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Hoffmann, R. A wiki for the life sciences where authorship matters. Nature Genetics (2008)

The psychosocial well-being of children with chronic disease, their parents and siblings: an overview of the research evidence base.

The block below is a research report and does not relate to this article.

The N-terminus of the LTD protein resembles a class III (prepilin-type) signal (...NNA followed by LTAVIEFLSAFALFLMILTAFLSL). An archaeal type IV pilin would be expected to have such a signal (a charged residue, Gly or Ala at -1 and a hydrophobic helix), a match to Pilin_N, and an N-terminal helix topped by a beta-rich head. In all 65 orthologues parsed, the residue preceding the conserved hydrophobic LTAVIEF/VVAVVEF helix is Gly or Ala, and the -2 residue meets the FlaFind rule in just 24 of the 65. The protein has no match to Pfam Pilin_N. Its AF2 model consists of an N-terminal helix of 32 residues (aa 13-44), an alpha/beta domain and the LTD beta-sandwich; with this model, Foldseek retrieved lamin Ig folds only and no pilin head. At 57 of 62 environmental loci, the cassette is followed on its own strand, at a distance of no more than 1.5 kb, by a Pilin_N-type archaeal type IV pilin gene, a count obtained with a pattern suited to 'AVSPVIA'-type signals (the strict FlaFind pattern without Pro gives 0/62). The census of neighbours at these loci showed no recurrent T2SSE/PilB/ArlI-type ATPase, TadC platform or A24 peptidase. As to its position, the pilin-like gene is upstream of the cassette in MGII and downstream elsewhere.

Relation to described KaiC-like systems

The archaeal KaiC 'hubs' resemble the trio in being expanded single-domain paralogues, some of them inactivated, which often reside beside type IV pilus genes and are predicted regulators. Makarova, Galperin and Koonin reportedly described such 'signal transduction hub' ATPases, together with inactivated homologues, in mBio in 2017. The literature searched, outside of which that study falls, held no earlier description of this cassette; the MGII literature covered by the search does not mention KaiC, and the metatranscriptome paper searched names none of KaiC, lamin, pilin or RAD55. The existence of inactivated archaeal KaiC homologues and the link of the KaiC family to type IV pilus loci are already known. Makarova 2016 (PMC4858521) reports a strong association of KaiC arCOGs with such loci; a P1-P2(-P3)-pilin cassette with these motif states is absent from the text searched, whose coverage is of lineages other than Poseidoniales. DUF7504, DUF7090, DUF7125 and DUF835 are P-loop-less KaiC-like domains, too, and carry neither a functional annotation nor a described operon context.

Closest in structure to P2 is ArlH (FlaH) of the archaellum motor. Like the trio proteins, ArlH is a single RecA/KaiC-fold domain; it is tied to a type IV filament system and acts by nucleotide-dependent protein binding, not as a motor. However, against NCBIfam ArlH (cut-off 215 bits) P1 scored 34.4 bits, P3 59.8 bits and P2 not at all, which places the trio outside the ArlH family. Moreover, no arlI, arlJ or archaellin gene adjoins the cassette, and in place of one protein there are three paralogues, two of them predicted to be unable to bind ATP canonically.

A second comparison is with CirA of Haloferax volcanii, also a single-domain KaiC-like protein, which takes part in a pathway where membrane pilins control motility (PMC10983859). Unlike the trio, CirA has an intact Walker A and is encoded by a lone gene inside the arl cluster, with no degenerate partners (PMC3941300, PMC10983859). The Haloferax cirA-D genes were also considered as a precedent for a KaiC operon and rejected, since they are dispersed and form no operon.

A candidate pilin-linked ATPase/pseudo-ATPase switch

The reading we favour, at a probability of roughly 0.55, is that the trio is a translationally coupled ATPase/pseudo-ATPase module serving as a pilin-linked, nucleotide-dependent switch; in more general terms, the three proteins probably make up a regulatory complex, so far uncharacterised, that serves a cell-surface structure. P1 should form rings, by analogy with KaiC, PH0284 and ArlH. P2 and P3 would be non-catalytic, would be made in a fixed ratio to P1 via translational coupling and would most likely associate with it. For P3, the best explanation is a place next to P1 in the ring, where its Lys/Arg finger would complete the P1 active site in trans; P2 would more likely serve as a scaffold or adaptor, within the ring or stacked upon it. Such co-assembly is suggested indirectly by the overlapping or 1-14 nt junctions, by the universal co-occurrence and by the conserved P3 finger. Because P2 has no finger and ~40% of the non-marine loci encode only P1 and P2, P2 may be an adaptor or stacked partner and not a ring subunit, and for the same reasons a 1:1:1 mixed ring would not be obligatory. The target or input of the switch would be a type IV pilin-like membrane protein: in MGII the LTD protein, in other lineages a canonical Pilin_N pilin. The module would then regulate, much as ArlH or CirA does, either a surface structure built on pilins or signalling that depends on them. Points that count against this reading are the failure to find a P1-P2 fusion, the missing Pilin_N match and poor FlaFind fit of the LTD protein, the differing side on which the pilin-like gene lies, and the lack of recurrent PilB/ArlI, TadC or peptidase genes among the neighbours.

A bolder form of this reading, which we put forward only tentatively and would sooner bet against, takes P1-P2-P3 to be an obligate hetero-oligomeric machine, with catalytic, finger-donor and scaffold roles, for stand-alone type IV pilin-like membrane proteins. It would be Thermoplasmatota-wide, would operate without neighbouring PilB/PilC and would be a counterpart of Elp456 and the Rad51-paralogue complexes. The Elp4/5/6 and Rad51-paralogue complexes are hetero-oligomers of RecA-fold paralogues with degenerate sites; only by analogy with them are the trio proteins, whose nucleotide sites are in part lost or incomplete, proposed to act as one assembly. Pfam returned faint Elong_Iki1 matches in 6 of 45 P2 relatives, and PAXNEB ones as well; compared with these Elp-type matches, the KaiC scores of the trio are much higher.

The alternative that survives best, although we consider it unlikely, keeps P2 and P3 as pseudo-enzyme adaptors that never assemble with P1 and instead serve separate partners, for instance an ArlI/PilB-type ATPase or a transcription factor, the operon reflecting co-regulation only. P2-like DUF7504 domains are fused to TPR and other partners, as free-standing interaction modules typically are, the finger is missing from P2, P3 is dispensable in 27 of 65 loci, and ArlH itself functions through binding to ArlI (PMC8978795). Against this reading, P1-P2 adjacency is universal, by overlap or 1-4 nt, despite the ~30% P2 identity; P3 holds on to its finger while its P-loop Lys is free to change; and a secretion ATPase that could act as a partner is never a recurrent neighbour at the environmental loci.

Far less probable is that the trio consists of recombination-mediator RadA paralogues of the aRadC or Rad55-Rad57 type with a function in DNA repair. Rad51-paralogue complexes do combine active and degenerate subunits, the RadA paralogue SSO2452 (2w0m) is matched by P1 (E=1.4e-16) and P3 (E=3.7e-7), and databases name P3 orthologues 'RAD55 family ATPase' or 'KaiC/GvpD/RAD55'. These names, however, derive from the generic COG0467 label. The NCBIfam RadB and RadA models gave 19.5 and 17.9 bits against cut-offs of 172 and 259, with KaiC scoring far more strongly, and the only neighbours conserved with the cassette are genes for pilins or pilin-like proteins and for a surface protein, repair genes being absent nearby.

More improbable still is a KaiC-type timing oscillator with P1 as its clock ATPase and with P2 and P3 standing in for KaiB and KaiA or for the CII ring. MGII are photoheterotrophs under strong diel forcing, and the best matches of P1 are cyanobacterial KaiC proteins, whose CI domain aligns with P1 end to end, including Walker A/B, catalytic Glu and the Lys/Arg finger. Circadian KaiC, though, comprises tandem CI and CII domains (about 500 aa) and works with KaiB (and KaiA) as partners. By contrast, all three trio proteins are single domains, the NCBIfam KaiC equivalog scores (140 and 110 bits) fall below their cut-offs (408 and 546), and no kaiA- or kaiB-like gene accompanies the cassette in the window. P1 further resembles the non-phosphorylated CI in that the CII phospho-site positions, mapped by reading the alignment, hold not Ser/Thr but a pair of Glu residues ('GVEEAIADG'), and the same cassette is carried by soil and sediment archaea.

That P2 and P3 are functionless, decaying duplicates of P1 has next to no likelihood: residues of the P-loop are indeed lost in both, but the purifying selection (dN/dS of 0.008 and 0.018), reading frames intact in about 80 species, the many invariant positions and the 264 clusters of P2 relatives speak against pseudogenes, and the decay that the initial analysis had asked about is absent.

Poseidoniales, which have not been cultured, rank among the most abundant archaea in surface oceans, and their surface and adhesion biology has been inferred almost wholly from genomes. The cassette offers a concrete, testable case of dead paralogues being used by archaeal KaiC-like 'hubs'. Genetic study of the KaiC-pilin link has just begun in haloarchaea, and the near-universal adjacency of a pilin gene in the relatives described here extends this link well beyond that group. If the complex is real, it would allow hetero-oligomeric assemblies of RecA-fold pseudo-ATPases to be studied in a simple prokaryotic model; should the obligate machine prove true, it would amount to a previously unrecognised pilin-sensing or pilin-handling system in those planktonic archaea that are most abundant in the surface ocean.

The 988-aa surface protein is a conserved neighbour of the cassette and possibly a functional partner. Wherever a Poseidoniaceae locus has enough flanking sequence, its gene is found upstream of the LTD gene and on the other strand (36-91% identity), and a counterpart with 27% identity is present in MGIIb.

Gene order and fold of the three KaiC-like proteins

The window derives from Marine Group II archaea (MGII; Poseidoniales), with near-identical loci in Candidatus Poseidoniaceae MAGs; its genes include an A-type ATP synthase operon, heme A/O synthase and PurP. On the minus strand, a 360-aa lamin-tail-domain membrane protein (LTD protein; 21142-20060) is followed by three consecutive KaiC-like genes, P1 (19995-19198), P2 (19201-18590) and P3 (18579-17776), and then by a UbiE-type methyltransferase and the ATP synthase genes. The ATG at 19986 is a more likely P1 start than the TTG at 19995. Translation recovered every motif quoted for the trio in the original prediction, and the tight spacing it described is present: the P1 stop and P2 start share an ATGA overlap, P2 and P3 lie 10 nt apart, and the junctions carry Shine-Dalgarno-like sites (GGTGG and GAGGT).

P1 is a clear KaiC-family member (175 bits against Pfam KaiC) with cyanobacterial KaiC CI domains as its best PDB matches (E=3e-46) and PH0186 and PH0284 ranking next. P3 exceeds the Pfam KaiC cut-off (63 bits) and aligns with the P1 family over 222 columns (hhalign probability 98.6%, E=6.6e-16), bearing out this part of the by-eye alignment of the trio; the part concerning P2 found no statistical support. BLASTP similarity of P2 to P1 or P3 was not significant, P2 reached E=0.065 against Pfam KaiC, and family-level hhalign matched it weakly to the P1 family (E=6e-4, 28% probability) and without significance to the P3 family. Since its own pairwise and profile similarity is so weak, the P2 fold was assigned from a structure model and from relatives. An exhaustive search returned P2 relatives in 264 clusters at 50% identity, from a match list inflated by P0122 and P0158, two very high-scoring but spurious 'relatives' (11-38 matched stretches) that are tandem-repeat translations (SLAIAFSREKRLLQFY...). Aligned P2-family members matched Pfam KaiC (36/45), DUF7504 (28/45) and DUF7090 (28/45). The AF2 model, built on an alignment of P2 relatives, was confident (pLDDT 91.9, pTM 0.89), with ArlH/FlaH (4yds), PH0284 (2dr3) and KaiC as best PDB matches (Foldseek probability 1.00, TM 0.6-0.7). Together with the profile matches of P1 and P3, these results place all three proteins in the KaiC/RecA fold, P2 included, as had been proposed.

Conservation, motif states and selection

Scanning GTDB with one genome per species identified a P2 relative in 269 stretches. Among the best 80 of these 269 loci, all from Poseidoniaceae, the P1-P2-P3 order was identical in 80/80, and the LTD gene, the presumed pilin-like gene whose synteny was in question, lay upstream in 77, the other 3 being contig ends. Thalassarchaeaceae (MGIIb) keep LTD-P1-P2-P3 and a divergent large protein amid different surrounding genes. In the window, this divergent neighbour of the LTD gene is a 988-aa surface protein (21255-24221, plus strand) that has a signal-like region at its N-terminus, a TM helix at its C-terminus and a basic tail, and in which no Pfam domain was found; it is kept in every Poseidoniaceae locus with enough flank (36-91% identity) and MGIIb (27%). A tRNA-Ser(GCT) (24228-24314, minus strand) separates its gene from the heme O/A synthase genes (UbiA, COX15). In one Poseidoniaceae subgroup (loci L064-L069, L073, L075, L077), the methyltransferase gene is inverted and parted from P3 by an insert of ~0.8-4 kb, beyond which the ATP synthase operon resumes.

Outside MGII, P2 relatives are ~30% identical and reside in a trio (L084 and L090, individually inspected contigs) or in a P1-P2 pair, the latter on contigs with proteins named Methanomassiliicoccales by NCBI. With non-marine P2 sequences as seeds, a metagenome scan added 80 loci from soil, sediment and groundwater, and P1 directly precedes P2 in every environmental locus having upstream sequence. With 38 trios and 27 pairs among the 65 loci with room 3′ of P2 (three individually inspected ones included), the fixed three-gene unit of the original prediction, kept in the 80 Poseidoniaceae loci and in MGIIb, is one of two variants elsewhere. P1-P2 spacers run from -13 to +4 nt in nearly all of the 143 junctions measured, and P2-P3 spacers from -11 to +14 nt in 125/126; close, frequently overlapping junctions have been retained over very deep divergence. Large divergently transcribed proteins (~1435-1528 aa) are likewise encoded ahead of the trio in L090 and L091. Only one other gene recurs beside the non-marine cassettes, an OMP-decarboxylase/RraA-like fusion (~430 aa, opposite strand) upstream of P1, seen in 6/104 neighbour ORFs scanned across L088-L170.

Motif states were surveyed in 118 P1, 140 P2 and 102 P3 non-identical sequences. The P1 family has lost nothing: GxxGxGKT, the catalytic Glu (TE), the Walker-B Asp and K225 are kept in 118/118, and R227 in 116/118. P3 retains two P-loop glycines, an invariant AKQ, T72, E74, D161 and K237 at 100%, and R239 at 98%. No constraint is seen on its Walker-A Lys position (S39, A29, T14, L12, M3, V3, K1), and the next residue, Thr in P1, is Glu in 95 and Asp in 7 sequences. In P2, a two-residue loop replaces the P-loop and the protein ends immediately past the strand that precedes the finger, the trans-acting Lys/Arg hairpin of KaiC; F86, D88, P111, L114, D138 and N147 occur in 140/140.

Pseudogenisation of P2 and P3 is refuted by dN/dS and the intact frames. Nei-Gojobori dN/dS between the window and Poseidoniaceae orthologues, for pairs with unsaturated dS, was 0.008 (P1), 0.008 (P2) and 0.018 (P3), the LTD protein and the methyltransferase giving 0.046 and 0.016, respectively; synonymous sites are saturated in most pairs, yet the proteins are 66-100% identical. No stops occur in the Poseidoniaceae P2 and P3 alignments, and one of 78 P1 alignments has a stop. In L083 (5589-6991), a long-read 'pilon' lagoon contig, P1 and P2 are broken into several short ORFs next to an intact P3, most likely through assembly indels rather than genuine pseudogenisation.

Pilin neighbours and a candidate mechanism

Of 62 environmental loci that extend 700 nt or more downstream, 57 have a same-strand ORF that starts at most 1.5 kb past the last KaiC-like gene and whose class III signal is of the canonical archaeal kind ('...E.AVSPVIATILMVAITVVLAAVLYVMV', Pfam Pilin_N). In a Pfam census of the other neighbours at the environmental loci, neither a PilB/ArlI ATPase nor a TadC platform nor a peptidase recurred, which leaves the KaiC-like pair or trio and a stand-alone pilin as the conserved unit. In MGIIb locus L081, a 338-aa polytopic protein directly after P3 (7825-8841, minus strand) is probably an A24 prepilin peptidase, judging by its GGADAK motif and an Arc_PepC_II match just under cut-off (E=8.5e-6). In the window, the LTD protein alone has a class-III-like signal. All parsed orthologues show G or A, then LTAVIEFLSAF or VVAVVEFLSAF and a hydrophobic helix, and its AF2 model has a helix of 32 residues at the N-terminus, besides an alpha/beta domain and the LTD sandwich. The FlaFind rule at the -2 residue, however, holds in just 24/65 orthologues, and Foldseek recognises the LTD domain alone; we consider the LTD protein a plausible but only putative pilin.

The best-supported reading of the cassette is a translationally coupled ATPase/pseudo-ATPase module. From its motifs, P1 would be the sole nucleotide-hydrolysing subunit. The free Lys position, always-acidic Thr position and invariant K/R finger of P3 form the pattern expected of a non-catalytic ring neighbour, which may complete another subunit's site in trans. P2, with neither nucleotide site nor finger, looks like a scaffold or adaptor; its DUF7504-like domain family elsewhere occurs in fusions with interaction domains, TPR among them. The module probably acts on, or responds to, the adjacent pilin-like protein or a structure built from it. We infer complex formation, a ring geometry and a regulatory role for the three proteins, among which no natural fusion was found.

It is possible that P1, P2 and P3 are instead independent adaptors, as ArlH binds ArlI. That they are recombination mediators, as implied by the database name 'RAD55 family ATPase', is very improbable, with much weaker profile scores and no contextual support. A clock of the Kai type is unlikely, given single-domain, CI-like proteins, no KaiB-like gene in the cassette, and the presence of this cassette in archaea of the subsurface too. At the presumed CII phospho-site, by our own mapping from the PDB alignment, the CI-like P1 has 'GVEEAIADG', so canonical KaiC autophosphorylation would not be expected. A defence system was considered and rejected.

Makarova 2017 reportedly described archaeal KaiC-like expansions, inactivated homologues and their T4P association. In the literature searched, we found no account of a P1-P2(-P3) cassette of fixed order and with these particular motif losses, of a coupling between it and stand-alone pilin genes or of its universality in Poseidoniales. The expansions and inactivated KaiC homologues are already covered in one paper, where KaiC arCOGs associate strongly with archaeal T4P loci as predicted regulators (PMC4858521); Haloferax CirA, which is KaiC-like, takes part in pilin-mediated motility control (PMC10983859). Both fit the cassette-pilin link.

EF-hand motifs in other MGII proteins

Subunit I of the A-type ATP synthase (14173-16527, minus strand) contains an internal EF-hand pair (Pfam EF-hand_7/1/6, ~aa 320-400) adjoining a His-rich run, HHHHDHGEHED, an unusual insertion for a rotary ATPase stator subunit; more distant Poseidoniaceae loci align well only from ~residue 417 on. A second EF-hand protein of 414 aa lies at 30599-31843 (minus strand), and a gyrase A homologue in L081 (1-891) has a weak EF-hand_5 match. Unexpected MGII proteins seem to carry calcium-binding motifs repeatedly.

BACKGROUND: Chronic disease of childhood may have implications for the psychosocial well-being of children and their families. The purpose of this paper is to provide an overview of the current literature regarding the psychosocial well-being of children with chronic disease, their parents and siblings. METHODS: Electronic searches were conducted using AMED, CINAHL, Cochrane Database, DARE, HTA, MEDLINE, NHS EED, PsycLIT, PsycINFO and PubMED (1990 to week 24, 2004). Inclusion criteria were systematic reviews, meta-analyses and overviews based on traditional reviews of published literature. The titles of papers were reviewed, abstracts were obtained and reviewed, and full copies of selected papers were obtained. RESULTS: Six reviews of the psychosocial well-being of children were identified: three on chronic disease in general, one on asthma, one on juvenile idiopathic arthritis and one on sickle cell disease. Two reviews of psychosocial well-being among parents and two reviews of sibling psychosocial well-being were identified. Evidence from meta-analyses shows that children were at slightly elevated risk of psychosocial distress, although only a minority experience clinical symptomatology. The proportion that experience distress remains to be clarified, as do contributory risk factors. Few conclusions can be drawn from the two reviews of parents. However, a meta-analysis of siblings showed that they are at risk from a number of negative effects. CONCLUSION: This overview has highlighted the need to extend the evidence base for psychosocial well-being of children, parents and siblings.[1]


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